Guideline Developers in the United States were Inconsistent in Applying Criteria for Appropriate GRADE Use
Our study was motivated by the anecdotal observation that many US-based organizations appeared to be endorsing the GRADE approach but did not necessarily apply it to the fullest extent. We therefore sought to formally study this issue applying six published criteria of appropriate GRADE use. We limited to search to guidelines from US-based organizations that were included in the National Guideline Clearinghouse (NGC) which implied that they met certain, minimal criteria for evidence-based guidelines. Our search reached back to January 2011 and went to June 2018 after which time the NGCH lost its funding and stopped existing in that form.
Among guidelines documents from 315 organizations included in the database, 135 were from the US and were represented by at least one guideline. Our analysis ultimately included 67 guideline documents from 44 organizations. The vast majority of these guidelines were from professional organizations; mostly related to the field of internal medicine and its subspecialties. With regard to domains for rating the certainty of evidence, only one in 10 was explicit about including all five criteria for downgrading (study limitations, indirectness, inconsistency, imprecision, and publication bias) for a body of evidence from randomized trials and all three domains (large magnitude of effect, dose-response gradient, and direction of residual bias) for rating up a body of evidence from non-randomized trials. Over half of guidelines described explicit consideration of all four central domains (certainty of evidence, balance of benefits to harms, patients’ values and preferences and resource utilization) for moving from evidence to recommendations. All guidelines included the certainty of evidence and the vast majority also addressed the balance of desirable and undesirable consequences. When comparing guidelines published in 2011-2014 versus 2015-18, rates of appropriate use were higher for nearly all criteria, but only one main criterion met statistical significance, namely the reporting of evidence summaries supporting recommendations.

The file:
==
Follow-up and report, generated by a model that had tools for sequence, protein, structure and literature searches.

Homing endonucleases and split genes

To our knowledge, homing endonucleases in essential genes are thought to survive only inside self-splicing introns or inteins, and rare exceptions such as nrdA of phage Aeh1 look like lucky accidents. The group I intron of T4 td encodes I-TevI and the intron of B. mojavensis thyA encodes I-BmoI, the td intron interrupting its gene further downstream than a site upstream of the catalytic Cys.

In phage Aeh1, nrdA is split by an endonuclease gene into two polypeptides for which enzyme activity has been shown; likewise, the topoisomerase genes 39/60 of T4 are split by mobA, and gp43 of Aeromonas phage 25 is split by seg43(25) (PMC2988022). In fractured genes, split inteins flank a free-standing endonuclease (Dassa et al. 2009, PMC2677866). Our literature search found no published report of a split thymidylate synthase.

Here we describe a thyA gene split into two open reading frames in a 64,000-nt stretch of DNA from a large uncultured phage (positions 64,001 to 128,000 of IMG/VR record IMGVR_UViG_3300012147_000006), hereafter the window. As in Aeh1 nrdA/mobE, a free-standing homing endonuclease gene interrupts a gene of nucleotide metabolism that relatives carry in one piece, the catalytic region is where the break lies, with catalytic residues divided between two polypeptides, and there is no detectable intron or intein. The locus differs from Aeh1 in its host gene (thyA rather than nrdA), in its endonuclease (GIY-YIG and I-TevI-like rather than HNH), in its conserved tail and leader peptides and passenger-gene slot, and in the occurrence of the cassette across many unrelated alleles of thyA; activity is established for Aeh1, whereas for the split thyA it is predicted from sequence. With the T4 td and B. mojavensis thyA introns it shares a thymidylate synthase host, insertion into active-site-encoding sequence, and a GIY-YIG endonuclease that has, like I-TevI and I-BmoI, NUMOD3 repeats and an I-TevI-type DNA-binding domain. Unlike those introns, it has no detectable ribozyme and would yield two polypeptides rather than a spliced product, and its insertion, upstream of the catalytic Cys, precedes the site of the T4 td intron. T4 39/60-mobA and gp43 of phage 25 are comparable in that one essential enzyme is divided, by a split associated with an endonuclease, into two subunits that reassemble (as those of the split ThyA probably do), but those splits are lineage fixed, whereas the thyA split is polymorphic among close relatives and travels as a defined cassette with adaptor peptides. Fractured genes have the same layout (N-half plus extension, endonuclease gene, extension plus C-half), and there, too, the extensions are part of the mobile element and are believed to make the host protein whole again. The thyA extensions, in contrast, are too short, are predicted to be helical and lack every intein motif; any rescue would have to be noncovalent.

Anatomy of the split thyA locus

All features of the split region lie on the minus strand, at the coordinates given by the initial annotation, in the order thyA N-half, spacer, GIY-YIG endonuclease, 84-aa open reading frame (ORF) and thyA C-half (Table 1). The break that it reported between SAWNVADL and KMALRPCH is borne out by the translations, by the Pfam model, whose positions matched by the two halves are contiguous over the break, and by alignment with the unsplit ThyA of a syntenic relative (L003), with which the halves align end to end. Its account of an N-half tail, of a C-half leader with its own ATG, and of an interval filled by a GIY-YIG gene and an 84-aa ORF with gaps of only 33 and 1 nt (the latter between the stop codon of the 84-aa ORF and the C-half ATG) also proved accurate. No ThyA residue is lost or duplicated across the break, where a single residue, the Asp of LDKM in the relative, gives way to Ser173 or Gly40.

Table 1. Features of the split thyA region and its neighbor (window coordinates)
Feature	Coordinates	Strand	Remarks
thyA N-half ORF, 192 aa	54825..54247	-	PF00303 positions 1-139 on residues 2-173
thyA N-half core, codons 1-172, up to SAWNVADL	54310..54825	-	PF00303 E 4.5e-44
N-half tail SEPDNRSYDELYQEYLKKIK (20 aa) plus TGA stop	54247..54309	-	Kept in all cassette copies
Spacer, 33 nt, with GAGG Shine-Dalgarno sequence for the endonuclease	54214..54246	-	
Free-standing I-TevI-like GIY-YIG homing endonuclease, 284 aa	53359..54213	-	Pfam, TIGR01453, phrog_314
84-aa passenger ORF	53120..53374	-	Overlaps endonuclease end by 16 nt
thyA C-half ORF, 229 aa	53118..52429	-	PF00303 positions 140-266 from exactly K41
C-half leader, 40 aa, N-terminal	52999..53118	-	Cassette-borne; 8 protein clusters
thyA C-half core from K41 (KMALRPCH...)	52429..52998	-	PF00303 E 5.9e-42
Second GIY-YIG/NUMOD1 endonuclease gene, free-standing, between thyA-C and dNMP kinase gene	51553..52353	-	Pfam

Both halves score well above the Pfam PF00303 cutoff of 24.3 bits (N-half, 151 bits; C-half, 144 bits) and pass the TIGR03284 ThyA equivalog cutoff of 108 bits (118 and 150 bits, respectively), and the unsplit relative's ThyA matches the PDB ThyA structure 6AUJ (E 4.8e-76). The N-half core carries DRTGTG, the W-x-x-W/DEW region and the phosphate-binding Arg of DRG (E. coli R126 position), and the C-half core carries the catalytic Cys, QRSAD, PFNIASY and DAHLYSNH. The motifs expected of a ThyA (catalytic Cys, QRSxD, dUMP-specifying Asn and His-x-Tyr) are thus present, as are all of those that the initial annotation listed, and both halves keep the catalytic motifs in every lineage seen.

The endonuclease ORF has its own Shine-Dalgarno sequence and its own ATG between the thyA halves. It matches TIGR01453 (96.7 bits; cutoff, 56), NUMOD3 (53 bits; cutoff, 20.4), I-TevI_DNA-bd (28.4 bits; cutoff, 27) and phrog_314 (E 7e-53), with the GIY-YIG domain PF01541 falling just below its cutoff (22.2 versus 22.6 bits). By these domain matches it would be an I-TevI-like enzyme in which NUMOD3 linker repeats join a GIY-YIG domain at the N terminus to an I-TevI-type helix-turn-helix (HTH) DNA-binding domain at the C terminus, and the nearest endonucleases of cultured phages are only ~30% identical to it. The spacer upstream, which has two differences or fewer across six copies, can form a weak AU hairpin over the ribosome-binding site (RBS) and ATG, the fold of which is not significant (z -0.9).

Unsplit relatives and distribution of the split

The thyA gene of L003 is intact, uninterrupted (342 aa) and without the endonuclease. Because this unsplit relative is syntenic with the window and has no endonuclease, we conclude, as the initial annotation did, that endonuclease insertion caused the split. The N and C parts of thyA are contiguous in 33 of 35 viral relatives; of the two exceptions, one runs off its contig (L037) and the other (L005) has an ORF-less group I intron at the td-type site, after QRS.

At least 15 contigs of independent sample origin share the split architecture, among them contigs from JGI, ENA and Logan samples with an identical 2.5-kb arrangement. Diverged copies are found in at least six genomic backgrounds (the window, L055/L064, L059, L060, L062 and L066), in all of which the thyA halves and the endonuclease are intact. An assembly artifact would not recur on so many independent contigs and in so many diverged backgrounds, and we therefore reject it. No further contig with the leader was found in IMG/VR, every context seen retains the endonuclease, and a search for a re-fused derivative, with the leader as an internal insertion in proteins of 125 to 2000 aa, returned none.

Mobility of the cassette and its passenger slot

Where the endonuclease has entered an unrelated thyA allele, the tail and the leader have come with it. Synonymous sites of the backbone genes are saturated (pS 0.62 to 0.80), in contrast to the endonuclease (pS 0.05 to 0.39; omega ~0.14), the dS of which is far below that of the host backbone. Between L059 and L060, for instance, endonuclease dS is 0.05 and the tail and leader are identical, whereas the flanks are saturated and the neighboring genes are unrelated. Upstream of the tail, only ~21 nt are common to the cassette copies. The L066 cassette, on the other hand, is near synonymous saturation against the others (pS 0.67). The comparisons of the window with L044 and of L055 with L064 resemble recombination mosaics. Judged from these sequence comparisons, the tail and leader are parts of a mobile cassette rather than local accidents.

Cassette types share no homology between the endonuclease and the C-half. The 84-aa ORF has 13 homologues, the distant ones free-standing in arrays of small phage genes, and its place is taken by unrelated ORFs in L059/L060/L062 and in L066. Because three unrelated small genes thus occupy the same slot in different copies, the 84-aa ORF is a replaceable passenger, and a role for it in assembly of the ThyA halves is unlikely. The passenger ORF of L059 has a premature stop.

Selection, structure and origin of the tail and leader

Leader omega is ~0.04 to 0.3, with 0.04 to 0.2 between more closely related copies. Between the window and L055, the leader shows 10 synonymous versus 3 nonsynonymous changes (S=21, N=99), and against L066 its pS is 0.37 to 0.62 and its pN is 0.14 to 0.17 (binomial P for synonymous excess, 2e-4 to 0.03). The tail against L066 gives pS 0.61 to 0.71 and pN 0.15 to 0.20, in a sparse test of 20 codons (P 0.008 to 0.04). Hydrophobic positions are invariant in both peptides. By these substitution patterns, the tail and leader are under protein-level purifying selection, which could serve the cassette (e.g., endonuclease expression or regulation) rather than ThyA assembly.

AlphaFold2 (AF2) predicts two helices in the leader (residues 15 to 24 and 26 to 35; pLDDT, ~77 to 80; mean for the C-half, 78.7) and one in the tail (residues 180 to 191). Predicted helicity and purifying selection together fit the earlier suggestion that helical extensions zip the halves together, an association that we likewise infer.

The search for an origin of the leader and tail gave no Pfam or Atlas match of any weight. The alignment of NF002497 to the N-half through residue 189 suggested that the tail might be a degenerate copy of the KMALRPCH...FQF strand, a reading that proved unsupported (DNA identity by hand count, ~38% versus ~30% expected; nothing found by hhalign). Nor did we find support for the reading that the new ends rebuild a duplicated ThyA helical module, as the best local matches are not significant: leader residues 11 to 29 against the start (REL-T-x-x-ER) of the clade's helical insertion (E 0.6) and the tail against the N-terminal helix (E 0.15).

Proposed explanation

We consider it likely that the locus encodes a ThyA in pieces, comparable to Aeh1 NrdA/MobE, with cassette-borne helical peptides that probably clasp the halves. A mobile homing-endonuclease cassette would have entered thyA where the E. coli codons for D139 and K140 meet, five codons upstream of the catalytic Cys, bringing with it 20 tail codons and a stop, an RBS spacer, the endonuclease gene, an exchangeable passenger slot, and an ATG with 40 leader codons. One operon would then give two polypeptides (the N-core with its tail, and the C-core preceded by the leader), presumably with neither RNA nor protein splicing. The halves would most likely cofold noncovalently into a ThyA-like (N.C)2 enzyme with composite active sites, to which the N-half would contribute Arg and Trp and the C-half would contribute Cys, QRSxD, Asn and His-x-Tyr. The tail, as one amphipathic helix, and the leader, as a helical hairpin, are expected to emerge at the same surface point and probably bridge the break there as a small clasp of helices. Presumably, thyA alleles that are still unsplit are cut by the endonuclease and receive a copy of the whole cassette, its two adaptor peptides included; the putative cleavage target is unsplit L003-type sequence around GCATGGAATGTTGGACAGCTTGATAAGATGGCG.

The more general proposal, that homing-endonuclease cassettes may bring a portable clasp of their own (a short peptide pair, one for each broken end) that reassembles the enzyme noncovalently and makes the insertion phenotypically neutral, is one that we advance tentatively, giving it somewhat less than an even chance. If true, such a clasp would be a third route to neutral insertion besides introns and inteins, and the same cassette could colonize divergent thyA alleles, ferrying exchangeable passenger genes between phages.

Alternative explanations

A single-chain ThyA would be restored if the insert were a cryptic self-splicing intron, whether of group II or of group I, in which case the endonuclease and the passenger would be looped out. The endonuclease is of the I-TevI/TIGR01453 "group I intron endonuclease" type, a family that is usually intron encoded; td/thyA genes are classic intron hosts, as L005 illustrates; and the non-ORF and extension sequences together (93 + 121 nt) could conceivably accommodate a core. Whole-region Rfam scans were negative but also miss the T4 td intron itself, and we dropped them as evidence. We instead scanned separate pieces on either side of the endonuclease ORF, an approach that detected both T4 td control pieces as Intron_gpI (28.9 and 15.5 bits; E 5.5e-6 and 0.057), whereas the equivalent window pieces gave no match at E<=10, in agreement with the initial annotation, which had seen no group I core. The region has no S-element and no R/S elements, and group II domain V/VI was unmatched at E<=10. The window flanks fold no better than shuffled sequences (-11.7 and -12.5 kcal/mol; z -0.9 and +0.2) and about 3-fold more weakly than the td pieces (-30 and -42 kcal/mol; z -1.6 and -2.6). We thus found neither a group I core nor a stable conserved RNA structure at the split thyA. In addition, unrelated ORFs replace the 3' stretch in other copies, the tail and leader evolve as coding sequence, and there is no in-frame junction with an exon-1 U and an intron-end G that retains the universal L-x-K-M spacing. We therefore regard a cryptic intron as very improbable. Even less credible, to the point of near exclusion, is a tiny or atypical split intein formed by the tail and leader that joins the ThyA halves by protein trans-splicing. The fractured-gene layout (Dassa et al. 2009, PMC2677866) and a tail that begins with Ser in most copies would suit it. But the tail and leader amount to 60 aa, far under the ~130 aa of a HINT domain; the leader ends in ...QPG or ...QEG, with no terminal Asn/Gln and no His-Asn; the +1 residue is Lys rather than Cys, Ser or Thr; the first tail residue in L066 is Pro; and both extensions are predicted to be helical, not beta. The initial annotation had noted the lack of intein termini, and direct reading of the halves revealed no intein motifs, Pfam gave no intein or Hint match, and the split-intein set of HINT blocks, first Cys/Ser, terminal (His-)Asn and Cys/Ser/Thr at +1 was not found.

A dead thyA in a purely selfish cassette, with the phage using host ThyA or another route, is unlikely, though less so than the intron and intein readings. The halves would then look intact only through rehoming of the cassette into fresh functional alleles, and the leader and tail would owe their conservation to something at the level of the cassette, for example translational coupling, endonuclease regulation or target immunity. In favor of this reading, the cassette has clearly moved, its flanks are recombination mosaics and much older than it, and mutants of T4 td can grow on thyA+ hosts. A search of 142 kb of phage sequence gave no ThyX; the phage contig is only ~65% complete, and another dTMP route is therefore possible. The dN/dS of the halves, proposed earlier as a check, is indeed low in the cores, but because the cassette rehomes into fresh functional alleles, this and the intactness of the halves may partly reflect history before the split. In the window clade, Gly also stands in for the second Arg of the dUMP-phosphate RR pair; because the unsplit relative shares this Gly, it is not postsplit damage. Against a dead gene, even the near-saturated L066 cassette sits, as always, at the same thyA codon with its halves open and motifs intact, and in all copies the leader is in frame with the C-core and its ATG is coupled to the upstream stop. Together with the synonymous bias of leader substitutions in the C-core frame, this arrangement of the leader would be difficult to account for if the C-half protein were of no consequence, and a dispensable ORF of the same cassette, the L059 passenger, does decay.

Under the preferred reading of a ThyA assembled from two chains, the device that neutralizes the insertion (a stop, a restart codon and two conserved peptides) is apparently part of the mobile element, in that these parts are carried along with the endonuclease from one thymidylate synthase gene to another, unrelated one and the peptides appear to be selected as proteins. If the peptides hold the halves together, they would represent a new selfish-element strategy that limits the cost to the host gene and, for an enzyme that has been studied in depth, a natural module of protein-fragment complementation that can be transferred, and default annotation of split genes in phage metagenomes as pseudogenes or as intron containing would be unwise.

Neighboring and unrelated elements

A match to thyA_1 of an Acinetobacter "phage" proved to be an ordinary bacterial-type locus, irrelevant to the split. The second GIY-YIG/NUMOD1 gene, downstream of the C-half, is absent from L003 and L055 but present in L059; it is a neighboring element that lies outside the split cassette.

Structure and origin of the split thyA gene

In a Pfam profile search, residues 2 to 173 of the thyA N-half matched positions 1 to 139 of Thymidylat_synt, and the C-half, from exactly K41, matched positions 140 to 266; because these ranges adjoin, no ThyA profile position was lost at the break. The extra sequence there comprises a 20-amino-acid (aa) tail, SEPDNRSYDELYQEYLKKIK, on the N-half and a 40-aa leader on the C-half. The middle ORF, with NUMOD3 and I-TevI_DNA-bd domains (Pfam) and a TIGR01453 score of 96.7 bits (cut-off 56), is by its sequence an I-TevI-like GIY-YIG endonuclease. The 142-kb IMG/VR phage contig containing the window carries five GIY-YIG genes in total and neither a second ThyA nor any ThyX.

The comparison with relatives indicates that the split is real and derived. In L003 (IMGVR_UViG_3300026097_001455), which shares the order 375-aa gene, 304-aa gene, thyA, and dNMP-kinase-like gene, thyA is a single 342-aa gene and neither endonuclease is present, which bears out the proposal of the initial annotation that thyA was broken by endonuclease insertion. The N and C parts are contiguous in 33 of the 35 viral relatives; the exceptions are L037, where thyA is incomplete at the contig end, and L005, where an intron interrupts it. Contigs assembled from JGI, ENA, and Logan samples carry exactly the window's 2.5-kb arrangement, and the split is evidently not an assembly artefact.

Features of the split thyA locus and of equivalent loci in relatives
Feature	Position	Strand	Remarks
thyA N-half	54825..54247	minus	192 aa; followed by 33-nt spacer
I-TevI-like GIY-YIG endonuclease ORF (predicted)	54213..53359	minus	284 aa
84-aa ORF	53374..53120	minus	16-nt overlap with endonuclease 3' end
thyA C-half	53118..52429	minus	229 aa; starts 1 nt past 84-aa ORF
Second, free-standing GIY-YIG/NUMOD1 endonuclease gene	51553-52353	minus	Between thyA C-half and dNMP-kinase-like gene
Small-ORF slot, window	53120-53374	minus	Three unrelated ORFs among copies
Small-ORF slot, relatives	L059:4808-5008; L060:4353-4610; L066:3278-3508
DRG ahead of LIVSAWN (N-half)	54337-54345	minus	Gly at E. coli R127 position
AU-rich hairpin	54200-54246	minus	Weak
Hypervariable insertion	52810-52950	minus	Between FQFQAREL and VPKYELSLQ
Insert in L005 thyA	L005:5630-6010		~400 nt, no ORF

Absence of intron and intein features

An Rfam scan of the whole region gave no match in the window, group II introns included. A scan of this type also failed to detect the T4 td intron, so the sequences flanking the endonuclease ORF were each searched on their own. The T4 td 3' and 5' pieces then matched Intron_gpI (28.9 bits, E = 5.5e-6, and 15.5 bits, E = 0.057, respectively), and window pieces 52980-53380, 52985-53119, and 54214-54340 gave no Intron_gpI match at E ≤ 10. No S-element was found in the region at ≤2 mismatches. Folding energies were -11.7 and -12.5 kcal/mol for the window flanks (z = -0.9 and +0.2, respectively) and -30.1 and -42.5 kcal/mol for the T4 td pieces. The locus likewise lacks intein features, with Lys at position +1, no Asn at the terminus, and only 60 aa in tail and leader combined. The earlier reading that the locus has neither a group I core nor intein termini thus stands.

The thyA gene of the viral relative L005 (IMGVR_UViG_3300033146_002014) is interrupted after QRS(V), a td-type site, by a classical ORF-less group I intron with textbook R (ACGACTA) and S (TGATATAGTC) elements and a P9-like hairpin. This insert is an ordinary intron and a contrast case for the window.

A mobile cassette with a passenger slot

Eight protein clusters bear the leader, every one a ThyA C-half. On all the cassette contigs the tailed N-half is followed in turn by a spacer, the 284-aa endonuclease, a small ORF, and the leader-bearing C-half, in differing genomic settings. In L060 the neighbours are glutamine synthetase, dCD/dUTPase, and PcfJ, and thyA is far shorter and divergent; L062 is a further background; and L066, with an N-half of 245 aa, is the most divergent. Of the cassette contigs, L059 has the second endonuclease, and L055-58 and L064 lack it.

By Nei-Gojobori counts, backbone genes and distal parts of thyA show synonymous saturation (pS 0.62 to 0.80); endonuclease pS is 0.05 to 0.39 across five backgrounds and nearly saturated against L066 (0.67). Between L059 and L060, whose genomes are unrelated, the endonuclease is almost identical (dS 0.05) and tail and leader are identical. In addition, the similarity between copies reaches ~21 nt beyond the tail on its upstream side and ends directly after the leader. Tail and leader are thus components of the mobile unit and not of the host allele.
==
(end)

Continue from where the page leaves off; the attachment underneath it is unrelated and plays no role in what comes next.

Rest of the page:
The take-home messages from this study are that one-in-three US based organizations developing evidence-based guidelines report the use of GRADE but that adherence to published criteria is quite inconsistent. As GRADE finds increasing uptake worldwide, continued efforts in training guideline methodologists and panel members will be important to assure appropriate application of GRADE methodology.
Dixon C, Dixon PE, Sultan S, Mustafa R, Morgan RL, Murad MH, Falck-Ytter Y, Dahm P. Guideline Developers in the United States were Inconsistent in Applying Criteria for Appropriate GRADE Use. Journal of Clinical Epidemiology. 2020 Mar 4.